Fort Worth resident Esperanza Robles-Rodriguez, 67, takes English as a second language, ESL, courses at the Fort Worth Public Library Diamond Hill/Jarvis branch, 1300 N.E. 35th St., every Friday and Saturday.

“I want to learn to communicate. I feel bad — I want to understand it, and I want to speak it. I stray away from English-speakers,” Robles-Rodriguez said. “I was in anguish. It takes a lot. It’s very difficult.”

Robles-Rodriguez and her husband, Robert Rodriguez, 71, attended ‘La Hora de los Abuelos,’ or hour of the elders, at the Fort Worth Public Library’s North Side branch, 601 Park St., on April 5. The April 5 session was the first of four sessions designed to provide a social outlet for elders in the community.

Myriam Hernandez, the ESL instructor and public education specialist at the Fort Worth Public Library, started her job in October 2021. She teaches the ESL classes in Diamond Hill every Friday night virtually and Saturday mornings in person.

“We wanted to create an opportunity for seniors to come and socialize a bit. Not all of them have an opportunity to leave the house,” she said.

Hernandez planned “La Hora de los Abuelos” after her mother was having trouble with her grandmother. She wished she had somewhere she could take her grandmother to socialize and distract herself.

“In our community, Latinos, we don’t really diagnose it as dementia — we just think of it as, ‘My parents are just getting older,’’ Hernandez said. “My mom was struggling with my grandma. She didn’t want to leave the house and she started to forget things. My mom was telling me that it would be nice if we had a place to take her to socialize.”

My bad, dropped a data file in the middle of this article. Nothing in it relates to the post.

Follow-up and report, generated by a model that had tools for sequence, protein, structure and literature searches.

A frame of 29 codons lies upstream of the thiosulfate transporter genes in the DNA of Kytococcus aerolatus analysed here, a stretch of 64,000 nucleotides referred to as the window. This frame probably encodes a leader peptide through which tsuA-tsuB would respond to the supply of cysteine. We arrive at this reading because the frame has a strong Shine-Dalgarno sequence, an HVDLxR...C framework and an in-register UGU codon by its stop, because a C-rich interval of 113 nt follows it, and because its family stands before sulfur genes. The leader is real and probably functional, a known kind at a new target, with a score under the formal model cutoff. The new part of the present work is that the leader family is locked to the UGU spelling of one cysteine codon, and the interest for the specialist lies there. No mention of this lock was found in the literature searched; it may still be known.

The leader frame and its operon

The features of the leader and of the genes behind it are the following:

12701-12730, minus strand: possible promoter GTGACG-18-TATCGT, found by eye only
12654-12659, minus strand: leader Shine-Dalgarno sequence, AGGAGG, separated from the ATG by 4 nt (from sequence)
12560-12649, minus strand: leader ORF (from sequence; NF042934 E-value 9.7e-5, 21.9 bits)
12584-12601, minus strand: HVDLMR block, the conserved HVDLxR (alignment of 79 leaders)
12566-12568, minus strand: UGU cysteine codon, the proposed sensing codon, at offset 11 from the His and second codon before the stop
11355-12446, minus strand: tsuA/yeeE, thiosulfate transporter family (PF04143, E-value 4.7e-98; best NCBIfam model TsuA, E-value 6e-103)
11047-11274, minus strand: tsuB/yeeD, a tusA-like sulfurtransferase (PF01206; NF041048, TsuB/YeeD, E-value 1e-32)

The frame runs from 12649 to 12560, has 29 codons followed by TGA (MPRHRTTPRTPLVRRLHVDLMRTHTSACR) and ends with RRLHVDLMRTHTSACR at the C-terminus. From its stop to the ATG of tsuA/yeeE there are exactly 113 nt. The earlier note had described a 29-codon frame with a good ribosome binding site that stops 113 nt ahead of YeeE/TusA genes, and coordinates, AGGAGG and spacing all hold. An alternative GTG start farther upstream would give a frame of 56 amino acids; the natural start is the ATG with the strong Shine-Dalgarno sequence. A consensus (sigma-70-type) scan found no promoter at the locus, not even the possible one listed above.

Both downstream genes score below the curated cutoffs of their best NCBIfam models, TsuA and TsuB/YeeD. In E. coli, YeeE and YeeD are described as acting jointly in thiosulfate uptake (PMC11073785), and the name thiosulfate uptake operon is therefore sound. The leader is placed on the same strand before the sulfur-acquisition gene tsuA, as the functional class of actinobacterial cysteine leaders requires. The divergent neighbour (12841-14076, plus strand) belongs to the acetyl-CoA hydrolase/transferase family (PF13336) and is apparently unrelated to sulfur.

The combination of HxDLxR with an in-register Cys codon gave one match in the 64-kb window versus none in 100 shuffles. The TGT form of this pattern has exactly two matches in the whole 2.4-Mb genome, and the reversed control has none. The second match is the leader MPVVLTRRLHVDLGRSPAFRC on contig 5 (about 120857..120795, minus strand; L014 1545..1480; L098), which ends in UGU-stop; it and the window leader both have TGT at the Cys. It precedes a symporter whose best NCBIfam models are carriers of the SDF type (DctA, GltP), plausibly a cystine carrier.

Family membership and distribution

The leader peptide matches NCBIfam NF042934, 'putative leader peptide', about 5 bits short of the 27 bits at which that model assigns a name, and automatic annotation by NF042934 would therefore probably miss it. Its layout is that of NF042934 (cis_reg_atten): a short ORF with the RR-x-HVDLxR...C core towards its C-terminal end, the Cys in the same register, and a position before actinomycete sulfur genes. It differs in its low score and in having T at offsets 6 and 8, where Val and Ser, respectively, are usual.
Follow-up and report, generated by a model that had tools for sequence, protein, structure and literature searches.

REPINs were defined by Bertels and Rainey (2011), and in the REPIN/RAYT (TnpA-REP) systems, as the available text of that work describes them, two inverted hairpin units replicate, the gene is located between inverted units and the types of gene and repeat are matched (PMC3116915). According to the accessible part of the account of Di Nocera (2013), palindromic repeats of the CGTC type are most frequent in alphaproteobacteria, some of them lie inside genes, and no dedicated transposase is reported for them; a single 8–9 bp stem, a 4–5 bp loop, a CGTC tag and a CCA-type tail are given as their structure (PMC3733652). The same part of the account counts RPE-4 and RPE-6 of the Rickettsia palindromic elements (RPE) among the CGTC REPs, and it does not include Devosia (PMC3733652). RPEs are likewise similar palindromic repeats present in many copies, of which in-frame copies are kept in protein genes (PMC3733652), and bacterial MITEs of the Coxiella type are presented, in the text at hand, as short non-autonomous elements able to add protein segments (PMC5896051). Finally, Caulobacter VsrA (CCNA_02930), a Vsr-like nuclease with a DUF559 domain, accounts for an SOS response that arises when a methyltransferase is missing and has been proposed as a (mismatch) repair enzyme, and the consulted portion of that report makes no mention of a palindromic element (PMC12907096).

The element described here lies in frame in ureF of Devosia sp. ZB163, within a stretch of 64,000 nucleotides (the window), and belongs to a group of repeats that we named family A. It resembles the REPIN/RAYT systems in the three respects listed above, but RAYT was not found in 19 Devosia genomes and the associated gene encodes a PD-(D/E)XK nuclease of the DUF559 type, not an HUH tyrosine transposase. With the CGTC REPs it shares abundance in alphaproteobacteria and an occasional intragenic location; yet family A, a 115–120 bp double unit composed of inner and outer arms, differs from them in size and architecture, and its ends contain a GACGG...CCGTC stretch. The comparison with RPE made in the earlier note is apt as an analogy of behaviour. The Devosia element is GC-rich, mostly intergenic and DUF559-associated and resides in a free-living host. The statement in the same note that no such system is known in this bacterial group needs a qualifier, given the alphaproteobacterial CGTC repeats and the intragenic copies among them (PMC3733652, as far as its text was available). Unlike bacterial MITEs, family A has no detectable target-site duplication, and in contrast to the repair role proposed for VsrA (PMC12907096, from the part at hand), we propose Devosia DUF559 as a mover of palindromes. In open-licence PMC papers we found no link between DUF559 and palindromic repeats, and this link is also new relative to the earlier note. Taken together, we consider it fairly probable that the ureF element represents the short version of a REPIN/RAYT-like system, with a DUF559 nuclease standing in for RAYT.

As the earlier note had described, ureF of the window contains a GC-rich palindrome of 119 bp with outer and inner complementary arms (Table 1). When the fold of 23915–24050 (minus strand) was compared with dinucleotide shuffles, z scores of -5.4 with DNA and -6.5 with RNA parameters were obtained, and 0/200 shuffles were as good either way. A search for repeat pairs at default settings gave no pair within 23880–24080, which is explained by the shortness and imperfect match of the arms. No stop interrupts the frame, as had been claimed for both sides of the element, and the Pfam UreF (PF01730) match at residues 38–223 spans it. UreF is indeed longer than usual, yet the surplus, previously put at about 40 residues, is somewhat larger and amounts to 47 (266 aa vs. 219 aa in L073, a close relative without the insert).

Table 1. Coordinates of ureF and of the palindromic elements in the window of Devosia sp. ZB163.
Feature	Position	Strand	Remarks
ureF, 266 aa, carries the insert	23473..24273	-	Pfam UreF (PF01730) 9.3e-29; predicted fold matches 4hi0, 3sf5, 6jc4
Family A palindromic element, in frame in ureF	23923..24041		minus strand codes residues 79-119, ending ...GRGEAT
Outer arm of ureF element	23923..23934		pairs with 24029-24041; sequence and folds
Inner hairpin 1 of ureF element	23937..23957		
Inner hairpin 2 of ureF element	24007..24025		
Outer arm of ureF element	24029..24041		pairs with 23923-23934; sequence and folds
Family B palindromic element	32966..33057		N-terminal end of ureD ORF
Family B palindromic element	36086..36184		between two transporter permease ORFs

The idea for the social hour was then born.

“La Hora de los Abuelos” provided Spanish music, puzzles, crosswords, painting, tools and memory kits provided by the James L. West Alzheimer Center. The memory kits are designed to be interactive to stimulate the mind and memory.

Robles-Rodriguez has been to four ESL class sessions taught by Hernandez. She and her husband watch TV in different rooms because she often doesn’t understand English-language shows.

Her husband, however, tries to teach her as much as he can. Rodriguez grew up in Fort Worth — his father was bilingual in Spanish and English, and his mother spoke solely Spanish. 

Robles-Rodriguez grew up in Jalisco, then moved to Oaxaca at 16 years old. She lived in Oaxaca for more than 30 years until she moved to the United States.

Robles-Rodriguez said she hopes to attend the next sessions as a way of escaping the confinement of her home. 

The North Side branch will host three more sessions from 10:30-11:30 a.m. on April 12, 19 and 26.

Cristian ArguetaSoto is the community engagement journalist at the Fort Worth Report. Contact him by email or via Twitter. At the Fort Worth Report, news decisions are made independently of our board members and financial supporters. Read more about our editorial independence policy here.

Creative Commons License

Republish our articles for free, online or in print, under a Creative Commons license.

Avatar photo

Cristian ArguetaSoto

Cristian ArguetaSoto is the community engagement journalist at the Fort Worth Report. He can be reached at cristian.arguetasoto@fortworthreport.org or (817) 317-6991.

Leave a comment